This case involved a Washington commercial fisherman who was hired in 1997. ?In 2001, he was removed ?as ?vessel? mate.?????? He ?claimed discrimination because he was not Norwegian.? The court granted the employer?s motion for summary judgment and the Ninth Circuit affirmed. ?In doing so, the panel severely confused the evidentiary burdens for discrimination cases.? ?In Costa, the United States Supreme Court held that Title VII does not recognize any distinction between direct and circumstantial evidence and that circumstantial evidence is often more powerful than direct. Without citing Costa and prior Ninth Circuit case following it, a Ninth Circuit panel has reaffirmed pre-Costa circuit law that arguably requires a plaintiff who relies on circumstantial proof of discrimination?? to?? meet?? a?? higher?? evidentiary standard. ?That law required a plaintiff to introduce ?specific and substantial? evidence of pretext to survive summary judgment.? ?The case is notable for numerous other misstatements regarding the McDonnell Douglas Burdine framework. ?The case also holds that a plaintiff must ?muster [an] extraordinarily strong showing of discrimination? to overcome the same-actor inference.?? The panel also stated that the same-actor interference is more than an inference for a jury to draw, but ?a strong inference? that a court must take into account on a summary judgment motion.?? ?Even though the record contained some evidence of discrimination, the court held it was not sufficient to overcome the ?burden imposed by the same-actor inference.? Couglan v. American Seafoods, Inc., No. 03-35314 (07/07/05; O?Scannlain, Leavy, Bea).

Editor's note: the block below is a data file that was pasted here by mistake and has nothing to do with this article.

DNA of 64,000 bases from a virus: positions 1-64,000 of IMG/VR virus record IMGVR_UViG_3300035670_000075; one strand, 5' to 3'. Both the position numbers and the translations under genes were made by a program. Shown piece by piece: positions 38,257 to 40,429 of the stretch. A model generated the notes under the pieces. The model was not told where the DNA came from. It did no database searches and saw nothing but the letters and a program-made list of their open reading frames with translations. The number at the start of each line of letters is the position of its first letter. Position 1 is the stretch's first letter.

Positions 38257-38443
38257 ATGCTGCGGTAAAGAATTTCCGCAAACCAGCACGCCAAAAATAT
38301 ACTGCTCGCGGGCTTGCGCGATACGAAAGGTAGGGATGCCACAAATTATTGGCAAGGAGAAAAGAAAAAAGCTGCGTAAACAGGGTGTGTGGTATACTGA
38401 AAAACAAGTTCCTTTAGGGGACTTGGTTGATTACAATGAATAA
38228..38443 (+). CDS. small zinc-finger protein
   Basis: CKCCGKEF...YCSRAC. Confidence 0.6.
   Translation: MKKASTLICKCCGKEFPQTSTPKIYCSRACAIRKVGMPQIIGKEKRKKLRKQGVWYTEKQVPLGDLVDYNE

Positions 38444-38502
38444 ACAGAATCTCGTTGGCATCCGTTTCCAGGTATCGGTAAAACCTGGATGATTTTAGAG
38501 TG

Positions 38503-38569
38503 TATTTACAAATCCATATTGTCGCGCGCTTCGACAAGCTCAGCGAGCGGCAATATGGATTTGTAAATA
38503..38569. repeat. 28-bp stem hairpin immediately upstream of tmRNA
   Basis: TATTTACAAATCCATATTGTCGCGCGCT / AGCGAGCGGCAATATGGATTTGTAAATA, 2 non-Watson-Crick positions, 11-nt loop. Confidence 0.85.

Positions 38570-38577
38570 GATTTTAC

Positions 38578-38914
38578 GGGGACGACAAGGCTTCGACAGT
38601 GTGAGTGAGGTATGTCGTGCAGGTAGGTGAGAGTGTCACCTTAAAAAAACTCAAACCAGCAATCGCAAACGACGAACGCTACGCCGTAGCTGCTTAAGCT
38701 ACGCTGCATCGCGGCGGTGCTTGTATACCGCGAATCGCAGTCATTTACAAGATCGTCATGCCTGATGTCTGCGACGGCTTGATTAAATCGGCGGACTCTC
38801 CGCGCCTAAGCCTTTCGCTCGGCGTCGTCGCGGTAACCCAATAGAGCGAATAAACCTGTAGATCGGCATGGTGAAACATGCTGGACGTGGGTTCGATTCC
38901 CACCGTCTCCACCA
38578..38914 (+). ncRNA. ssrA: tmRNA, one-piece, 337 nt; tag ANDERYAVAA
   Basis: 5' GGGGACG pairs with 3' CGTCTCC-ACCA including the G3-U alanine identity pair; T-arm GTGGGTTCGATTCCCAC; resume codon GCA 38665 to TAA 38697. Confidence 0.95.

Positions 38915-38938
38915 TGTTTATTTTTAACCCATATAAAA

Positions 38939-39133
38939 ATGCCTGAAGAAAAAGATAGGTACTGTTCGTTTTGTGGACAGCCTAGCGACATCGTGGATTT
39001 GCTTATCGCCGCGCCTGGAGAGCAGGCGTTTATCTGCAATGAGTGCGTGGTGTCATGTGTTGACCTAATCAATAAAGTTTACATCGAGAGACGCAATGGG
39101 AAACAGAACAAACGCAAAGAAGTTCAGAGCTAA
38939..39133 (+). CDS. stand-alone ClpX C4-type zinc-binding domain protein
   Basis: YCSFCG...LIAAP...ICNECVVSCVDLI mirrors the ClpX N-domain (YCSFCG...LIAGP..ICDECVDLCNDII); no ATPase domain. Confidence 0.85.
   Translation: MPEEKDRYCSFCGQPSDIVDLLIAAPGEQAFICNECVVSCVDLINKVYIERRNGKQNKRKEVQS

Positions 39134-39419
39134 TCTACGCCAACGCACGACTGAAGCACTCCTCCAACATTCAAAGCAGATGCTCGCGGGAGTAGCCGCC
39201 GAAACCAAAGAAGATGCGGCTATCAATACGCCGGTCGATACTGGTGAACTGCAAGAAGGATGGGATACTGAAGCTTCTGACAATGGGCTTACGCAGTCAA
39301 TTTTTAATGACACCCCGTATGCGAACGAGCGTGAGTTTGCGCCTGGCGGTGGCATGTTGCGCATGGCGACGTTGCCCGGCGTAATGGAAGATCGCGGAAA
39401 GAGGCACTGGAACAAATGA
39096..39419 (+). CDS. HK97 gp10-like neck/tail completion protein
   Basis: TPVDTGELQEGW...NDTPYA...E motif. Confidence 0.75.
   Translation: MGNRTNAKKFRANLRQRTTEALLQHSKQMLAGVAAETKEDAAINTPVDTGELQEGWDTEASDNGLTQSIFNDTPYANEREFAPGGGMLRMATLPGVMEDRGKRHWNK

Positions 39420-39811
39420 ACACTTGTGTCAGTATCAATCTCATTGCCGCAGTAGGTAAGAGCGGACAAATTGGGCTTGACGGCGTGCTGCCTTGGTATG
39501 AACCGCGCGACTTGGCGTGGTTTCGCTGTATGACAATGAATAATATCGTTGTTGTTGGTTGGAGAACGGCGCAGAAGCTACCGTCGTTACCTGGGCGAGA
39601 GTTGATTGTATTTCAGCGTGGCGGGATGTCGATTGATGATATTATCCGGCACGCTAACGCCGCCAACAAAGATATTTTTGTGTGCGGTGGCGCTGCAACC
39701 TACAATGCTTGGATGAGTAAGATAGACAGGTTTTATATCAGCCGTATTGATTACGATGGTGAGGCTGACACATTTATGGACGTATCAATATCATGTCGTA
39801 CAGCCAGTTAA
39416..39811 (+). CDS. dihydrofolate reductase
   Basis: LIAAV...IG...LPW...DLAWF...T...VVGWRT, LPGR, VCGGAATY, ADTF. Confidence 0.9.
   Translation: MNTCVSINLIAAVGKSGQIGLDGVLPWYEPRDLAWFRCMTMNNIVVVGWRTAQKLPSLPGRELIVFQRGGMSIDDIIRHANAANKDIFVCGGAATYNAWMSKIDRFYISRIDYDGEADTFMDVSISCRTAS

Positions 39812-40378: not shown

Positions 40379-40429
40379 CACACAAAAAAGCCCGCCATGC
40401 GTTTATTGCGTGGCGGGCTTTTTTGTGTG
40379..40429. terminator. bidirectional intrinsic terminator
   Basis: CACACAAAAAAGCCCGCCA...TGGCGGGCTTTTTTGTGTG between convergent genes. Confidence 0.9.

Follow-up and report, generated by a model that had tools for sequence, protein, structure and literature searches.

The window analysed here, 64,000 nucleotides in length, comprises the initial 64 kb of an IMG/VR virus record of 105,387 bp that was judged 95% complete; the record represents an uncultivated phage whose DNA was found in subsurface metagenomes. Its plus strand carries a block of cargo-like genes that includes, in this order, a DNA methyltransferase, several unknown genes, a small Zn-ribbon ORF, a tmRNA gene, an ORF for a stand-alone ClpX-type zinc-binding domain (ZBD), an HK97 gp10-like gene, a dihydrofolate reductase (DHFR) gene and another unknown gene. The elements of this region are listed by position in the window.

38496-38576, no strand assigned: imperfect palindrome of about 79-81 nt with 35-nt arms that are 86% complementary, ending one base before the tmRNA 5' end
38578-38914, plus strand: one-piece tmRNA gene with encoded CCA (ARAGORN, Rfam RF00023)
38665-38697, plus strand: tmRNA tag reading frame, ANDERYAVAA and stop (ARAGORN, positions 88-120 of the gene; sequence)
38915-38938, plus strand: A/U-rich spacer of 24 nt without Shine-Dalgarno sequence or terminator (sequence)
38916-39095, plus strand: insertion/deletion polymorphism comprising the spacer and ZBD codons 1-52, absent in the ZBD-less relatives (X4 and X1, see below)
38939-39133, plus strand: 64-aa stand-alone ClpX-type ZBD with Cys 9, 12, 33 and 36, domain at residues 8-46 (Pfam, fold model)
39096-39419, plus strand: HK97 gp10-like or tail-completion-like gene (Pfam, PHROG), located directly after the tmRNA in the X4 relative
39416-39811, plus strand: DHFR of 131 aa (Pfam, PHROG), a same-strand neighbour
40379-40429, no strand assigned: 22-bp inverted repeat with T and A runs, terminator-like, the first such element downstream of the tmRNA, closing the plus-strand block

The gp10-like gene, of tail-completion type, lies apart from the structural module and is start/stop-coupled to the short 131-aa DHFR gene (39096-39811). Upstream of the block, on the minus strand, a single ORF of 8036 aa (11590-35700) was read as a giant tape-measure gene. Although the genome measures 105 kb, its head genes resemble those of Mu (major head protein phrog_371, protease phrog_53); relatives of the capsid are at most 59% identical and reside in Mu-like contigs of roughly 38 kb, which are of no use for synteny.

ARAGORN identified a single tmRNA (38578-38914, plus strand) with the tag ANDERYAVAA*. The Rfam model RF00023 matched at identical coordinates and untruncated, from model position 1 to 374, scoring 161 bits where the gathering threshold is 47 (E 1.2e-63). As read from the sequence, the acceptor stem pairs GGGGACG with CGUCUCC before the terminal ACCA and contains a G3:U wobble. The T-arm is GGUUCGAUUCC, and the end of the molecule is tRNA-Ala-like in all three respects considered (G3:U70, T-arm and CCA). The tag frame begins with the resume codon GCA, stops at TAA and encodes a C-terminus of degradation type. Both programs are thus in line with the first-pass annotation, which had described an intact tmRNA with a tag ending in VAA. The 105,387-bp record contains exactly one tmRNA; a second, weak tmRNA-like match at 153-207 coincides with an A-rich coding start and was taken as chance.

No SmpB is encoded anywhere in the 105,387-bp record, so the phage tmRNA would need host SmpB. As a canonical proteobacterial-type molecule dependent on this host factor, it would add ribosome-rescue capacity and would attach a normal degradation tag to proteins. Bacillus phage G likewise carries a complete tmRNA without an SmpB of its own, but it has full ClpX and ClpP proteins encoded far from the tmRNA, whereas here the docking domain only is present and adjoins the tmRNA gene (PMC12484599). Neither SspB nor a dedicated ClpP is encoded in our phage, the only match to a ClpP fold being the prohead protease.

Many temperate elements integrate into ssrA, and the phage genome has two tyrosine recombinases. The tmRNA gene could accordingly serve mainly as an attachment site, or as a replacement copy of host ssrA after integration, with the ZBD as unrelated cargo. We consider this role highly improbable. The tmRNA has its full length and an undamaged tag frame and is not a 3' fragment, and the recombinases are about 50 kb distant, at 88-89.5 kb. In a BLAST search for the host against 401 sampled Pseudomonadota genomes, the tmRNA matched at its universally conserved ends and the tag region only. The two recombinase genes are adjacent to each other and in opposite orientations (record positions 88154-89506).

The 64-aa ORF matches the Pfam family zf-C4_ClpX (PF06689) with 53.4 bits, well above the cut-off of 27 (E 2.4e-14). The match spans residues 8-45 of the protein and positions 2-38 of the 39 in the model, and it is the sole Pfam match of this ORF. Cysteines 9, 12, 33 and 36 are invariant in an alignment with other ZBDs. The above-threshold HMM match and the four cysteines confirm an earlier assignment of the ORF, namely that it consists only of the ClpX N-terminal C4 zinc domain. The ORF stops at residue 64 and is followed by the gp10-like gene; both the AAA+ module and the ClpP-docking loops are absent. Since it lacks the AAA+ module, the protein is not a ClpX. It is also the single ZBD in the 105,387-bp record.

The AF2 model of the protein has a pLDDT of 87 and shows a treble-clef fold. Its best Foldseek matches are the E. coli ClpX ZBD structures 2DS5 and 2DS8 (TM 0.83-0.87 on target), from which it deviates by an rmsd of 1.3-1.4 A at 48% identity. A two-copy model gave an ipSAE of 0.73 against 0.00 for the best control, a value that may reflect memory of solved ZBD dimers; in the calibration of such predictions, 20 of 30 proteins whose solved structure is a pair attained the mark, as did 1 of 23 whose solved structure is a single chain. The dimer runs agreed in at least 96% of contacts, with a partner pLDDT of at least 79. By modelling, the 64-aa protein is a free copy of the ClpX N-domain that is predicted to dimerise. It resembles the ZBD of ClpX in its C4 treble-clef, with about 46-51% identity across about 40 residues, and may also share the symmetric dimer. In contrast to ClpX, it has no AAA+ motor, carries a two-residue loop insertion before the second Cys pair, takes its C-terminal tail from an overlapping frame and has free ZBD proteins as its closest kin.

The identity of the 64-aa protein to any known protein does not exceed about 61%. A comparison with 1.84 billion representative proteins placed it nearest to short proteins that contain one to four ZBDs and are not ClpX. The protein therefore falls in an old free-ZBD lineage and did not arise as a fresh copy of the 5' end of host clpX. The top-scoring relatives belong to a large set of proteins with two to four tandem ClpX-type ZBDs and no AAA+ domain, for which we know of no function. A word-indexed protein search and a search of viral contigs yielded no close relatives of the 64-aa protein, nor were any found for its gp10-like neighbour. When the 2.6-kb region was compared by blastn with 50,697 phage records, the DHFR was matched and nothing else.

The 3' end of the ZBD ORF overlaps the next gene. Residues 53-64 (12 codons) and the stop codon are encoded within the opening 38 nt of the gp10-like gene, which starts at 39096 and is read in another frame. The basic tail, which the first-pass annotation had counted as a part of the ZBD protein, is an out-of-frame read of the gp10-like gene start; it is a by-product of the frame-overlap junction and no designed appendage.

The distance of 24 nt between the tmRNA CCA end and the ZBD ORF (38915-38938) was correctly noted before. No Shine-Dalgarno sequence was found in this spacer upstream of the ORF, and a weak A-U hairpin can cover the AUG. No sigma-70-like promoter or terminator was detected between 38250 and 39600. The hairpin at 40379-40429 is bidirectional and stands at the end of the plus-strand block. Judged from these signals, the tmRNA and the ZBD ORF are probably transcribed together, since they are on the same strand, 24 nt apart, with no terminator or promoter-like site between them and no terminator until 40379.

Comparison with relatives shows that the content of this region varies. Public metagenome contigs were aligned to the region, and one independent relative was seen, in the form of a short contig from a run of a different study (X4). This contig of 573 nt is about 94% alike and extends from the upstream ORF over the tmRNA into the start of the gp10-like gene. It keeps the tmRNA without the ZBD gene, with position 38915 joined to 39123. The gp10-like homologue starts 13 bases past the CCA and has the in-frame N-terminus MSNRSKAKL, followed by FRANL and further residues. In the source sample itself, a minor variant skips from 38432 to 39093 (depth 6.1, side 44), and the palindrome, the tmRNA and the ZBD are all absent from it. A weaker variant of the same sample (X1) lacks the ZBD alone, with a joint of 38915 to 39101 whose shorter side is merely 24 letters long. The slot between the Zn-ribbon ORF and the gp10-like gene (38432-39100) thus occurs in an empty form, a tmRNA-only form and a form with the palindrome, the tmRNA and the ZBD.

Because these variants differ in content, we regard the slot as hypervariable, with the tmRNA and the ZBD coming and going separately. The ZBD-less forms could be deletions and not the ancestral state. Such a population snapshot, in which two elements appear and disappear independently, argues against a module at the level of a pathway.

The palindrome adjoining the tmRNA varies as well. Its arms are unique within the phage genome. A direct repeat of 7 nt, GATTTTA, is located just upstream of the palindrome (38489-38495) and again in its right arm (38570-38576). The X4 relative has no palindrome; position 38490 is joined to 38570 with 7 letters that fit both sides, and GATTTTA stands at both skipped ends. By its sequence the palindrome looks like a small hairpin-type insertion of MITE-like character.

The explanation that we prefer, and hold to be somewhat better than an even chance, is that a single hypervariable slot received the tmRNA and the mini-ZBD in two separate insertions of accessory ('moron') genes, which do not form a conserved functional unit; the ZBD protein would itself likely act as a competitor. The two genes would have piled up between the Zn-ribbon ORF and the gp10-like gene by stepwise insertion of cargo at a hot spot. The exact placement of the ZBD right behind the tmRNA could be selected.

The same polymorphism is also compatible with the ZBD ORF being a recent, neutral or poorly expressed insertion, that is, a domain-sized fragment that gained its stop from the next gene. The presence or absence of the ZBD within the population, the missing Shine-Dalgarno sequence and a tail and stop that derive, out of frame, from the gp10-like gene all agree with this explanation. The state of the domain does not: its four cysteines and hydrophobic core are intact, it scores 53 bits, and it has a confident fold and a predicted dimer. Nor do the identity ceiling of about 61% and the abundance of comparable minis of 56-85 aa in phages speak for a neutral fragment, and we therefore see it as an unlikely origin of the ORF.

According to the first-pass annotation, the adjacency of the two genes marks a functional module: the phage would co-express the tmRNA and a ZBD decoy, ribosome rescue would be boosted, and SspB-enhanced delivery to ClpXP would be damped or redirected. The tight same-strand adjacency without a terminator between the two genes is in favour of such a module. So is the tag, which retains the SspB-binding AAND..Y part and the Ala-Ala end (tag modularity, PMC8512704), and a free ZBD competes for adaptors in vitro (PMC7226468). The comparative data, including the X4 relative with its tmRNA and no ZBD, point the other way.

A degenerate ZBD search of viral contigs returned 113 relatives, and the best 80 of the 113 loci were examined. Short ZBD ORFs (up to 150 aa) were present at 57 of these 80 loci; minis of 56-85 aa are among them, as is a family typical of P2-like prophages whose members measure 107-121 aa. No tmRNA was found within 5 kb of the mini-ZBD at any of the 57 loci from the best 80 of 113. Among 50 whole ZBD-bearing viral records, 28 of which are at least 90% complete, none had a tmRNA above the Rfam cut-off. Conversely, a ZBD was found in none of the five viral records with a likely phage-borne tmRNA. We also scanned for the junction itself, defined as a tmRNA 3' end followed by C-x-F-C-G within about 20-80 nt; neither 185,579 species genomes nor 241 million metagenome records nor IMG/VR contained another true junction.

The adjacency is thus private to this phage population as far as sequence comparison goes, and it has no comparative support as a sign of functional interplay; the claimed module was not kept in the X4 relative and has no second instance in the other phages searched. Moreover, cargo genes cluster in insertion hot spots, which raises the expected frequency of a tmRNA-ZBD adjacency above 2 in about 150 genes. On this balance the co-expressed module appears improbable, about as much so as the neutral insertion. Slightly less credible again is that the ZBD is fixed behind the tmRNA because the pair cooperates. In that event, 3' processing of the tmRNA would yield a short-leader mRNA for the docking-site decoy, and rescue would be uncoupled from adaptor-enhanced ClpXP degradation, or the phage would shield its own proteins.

Despite Costa, Ninth Circuit Reaffirms Higher Burden of Proof for Plaintiff In Circumstantial Evidence Cases
Jul 7, 2004